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Sanders writes Obama, urges end to recently started deportation raids

Democratic presidential candidate Bernie Sanders at Northstar Elementary School in Knoxville, Iowa, last week. (Andrew Harnik/AP)
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LAS VEGAS — Seeking to further distance himself from the Obama administration, Democratic presidential hopeful Bernie Sanders sent a letter on Thursday to the president and top homeland security officials calling for a halt to recently started deportation raids targeting families that fled violence in Central America.

“Raids are not the answer,” the senator from Vermont said in the letter. “We cannot continue to employ inhumane tactics involving rounding up and deporting tens of thousands of immigrant families to address a crisis that requires compassion and humane solutions.”

Instead, Sanders suggested extending temporary protected status to the families that have crossed the U.S. southern border illegally since 2014. The status would provide employment authorization and protection from deportation.

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Sanders sent his letter the morning after an appearance at a Democratic Party dinner in Nevada, an early presidential nominating state where Latinos are the most rapidly growing segment of the electorate and immigration is a top issue.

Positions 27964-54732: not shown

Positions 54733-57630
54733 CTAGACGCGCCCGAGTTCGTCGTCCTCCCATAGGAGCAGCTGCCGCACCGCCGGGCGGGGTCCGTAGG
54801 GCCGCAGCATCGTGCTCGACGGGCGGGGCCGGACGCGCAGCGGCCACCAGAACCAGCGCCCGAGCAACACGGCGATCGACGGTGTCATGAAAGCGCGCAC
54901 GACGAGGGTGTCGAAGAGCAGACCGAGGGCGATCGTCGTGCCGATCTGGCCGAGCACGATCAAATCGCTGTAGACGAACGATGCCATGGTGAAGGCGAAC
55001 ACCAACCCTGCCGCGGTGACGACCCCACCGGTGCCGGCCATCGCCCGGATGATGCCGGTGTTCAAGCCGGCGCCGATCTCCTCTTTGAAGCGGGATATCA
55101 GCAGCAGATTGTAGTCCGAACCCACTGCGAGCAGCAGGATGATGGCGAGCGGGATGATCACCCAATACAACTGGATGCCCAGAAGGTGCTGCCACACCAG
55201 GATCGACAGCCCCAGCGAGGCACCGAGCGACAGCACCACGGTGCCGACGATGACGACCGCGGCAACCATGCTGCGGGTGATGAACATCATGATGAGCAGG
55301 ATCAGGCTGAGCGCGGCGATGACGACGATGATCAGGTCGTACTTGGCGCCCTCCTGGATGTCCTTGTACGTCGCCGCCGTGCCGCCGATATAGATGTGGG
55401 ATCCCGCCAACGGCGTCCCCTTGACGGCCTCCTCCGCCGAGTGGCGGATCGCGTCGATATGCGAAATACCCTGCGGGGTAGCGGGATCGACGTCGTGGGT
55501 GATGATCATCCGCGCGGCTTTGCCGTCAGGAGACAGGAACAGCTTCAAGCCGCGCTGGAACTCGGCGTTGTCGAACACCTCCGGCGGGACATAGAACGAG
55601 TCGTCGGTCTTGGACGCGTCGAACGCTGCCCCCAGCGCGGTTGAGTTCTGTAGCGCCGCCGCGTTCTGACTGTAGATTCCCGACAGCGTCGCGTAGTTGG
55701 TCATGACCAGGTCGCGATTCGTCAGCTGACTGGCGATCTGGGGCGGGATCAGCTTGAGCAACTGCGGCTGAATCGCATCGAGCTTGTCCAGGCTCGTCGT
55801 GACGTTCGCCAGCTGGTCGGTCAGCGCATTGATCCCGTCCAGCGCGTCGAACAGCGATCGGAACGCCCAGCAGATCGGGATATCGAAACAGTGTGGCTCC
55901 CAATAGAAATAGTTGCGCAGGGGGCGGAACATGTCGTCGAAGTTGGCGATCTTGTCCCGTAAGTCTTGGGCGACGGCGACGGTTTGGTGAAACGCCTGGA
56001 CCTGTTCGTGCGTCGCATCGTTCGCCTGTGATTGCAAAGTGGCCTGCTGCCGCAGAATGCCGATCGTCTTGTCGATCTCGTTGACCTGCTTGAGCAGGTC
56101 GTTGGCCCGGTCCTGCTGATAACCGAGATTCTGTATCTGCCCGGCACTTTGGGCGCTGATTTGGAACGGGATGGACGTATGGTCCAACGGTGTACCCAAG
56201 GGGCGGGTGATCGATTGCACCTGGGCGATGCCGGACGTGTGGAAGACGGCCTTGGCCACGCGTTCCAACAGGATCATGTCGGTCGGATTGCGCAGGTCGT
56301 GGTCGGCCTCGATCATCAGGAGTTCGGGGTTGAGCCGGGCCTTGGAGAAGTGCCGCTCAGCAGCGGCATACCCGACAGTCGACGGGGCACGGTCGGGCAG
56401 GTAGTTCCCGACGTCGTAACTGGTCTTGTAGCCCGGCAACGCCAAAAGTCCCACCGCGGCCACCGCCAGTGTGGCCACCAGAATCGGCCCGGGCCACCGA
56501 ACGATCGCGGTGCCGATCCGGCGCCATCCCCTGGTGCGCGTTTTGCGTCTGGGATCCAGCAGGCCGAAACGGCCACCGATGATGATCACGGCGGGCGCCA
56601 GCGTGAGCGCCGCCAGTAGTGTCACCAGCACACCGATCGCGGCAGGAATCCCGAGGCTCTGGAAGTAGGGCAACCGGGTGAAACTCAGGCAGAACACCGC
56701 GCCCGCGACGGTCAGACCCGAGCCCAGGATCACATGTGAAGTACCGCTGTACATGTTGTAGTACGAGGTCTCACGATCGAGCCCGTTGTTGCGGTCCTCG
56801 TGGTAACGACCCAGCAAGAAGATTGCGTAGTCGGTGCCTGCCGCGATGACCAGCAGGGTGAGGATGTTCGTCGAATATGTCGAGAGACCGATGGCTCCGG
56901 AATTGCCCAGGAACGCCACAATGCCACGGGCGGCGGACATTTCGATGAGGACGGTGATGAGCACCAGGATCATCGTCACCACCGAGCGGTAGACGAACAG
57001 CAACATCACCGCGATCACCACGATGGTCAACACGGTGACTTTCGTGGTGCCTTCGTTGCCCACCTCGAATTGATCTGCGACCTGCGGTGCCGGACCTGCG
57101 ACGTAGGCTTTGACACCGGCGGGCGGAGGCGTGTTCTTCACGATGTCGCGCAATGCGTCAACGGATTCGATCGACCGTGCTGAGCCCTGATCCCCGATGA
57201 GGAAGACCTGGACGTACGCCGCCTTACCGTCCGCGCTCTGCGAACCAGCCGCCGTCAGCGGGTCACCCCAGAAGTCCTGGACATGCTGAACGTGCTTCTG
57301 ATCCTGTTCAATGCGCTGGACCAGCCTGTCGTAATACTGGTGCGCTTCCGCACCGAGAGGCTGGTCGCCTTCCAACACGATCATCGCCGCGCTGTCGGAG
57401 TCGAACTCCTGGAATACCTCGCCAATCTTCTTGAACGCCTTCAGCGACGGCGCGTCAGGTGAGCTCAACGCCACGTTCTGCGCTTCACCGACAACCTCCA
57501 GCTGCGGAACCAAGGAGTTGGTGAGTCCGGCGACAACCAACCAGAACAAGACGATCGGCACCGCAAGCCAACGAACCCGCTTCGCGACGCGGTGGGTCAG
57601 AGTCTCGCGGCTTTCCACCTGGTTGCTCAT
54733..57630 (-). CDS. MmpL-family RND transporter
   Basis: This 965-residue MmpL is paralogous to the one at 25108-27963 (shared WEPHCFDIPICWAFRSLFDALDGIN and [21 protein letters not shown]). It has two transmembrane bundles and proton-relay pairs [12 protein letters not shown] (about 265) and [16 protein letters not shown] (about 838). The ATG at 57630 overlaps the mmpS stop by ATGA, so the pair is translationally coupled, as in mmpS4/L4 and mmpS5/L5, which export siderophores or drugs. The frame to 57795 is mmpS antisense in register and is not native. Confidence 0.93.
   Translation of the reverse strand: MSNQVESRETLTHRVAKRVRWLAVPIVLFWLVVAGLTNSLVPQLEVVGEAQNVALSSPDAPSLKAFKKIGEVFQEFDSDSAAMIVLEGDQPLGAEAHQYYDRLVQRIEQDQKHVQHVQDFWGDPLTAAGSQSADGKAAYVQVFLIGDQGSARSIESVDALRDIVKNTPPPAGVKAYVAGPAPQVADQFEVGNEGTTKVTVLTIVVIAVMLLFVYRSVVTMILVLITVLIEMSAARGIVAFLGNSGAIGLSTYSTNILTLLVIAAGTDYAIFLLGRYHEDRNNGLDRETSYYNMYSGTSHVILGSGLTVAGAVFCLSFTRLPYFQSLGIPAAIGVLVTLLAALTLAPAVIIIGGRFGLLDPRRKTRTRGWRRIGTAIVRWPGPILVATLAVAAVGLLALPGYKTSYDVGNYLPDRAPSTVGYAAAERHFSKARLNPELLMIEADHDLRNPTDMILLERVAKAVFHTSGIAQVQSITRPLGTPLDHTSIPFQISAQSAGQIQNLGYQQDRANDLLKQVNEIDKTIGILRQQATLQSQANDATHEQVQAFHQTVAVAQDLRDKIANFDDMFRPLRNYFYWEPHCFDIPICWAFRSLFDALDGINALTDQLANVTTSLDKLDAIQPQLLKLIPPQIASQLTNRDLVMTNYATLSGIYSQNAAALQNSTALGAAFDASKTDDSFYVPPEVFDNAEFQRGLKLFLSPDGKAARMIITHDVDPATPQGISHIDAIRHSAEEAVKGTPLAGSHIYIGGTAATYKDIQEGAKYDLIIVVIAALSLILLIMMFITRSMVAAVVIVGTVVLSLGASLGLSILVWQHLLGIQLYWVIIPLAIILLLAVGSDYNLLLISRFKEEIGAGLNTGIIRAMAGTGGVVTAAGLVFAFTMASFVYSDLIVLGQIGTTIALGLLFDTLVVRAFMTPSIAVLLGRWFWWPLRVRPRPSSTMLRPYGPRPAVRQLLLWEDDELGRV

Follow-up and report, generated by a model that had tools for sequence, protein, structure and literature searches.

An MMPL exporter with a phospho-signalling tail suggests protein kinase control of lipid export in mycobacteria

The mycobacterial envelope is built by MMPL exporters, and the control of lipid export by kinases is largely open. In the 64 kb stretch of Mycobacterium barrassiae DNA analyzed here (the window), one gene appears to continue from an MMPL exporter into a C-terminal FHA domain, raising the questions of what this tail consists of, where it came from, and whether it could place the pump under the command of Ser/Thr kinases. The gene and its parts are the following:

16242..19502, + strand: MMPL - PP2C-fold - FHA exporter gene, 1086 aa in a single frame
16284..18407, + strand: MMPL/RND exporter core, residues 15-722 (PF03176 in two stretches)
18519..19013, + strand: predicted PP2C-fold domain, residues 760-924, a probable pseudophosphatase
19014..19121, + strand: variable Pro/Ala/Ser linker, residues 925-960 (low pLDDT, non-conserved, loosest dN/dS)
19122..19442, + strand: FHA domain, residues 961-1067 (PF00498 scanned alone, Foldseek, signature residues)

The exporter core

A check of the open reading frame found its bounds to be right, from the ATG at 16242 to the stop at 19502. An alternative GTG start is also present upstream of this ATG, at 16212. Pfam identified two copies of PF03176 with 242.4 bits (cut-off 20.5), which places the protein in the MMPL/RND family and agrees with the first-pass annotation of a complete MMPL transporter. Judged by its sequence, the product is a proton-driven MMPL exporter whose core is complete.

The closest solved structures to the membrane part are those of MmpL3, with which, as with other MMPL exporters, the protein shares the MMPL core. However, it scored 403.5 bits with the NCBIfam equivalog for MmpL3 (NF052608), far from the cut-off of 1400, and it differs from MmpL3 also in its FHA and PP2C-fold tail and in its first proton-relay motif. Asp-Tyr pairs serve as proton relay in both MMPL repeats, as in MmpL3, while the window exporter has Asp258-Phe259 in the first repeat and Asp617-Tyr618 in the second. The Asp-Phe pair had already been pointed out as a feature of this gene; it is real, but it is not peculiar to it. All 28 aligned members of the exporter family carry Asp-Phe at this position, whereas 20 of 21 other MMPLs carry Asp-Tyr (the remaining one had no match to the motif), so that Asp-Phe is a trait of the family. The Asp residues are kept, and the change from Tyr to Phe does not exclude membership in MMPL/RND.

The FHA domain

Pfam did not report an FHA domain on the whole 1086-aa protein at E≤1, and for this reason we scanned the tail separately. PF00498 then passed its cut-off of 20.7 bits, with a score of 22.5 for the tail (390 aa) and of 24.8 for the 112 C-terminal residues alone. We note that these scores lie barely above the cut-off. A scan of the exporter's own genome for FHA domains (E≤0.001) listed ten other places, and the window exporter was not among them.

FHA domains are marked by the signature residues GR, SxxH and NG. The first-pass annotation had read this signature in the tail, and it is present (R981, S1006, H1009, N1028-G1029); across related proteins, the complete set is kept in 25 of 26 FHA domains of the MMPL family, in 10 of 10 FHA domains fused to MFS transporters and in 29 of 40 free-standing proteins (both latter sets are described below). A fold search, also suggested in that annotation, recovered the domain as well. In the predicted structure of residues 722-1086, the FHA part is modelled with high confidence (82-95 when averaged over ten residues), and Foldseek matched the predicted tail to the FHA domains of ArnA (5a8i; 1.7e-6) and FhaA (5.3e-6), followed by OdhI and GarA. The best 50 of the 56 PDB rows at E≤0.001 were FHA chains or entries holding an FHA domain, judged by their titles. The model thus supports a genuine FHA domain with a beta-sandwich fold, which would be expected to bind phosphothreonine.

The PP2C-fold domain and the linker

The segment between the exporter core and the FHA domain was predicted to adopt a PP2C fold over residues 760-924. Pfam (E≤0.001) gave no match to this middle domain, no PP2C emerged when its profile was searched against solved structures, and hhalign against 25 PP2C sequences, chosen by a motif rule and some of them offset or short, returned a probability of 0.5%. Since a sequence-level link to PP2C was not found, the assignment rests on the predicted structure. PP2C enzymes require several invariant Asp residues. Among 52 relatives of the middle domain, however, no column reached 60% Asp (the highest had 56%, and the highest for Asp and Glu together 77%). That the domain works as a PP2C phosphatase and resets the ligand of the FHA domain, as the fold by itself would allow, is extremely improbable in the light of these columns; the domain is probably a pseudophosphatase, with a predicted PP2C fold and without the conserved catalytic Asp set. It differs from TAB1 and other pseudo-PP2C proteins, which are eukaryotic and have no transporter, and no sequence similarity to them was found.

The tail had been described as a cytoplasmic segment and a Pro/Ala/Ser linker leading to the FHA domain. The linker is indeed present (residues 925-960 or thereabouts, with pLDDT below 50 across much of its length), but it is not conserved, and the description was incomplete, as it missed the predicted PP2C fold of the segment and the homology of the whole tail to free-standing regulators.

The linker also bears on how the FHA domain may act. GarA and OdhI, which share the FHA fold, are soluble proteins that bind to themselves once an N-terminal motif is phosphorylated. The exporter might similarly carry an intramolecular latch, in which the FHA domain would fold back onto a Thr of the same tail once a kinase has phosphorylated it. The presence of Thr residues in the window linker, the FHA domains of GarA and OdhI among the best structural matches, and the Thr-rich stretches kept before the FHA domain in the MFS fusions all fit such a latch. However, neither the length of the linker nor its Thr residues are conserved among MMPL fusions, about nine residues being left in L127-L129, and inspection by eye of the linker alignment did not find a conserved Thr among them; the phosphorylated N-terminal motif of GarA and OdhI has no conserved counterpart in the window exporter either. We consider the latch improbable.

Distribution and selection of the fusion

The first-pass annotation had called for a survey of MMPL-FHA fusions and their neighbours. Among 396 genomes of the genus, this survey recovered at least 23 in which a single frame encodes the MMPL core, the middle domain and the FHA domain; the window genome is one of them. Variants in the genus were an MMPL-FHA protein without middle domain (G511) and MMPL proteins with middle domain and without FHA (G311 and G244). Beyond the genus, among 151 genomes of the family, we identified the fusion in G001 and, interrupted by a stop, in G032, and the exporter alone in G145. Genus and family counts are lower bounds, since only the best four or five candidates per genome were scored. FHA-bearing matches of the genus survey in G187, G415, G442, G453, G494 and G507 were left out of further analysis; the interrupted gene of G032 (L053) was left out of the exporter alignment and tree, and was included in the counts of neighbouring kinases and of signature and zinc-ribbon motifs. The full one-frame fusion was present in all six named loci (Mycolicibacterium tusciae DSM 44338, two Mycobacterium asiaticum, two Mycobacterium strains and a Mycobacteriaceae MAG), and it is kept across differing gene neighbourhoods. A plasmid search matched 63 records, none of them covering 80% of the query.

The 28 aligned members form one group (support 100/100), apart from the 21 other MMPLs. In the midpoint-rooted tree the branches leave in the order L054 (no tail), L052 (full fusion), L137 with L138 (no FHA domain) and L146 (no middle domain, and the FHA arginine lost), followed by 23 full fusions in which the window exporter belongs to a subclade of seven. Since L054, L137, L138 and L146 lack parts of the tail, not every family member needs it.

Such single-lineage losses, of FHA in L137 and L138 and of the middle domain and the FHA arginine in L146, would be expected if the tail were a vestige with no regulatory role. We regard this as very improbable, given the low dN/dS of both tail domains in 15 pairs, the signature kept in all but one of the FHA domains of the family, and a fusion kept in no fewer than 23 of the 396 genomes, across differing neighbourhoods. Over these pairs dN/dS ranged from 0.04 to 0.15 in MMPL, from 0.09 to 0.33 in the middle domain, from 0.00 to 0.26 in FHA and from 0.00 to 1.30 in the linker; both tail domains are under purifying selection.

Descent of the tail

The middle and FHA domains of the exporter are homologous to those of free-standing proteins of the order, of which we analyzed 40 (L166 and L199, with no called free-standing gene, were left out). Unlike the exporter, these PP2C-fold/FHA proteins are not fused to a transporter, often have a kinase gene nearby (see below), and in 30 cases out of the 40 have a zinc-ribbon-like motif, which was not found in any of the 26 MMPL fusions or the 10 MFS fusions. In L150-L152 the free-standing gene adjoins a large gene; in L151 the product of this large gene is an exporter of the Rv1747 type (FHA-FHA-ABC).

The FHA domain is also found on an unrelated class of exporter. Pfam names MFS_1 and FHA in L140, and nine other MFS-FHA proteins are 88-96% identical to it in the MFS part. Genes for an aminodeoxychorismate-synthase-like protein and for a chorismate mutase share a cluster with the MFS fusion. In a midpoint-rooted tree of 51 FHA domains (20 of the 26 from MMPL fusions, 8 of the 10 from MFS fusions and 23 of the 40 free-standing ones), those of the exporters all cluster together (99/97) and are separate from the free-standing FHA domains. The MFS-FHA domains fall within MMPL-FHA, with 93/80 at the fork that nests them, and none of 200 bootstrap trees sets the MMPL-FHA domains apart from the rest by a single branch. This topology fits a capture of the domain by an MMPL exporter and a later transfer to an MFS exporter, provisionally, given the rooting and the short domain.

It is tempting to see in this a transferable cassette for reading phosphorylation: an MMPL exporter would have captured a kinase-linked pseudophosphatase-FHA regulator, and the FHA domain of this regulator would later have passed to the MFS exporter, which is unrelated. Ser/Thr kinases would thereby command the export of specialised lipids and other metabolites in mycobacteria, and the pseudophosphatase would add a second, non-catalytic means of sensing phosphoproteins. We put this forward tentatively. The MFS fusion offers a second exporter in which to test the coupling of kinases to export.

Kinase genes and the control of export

Sanders’s two Democratic rivals, former secretary of state Hillary Clinton and former Maryland governor Martin O’Malley, also have voiced concerns about the administration’s actions. O’Malley devoted a segment of his remarks at the dinner to the issue, saying the administration's policy is “not consistent with who we are as a country.”

In his letter, which echoed earlier public statements, Sanders said that more than 80 percent of the migrant women detained since summer 2014 faced credible threats to their safety if they were returned home. Yet, he said, 80 percent of those cases have ended with the Department of Homeland Security ordering the same families deported back to the dangerous conditions they fled.

“I urge you to immediately cease these raids and not deport families back to countries where a death sentence awaits,” Sanders wrote in the letter to President Obama, Homeland Security Secretary Jeh Johnson and Sarah Saldaña, the director of U.S. Immigration and Customs Enforcement.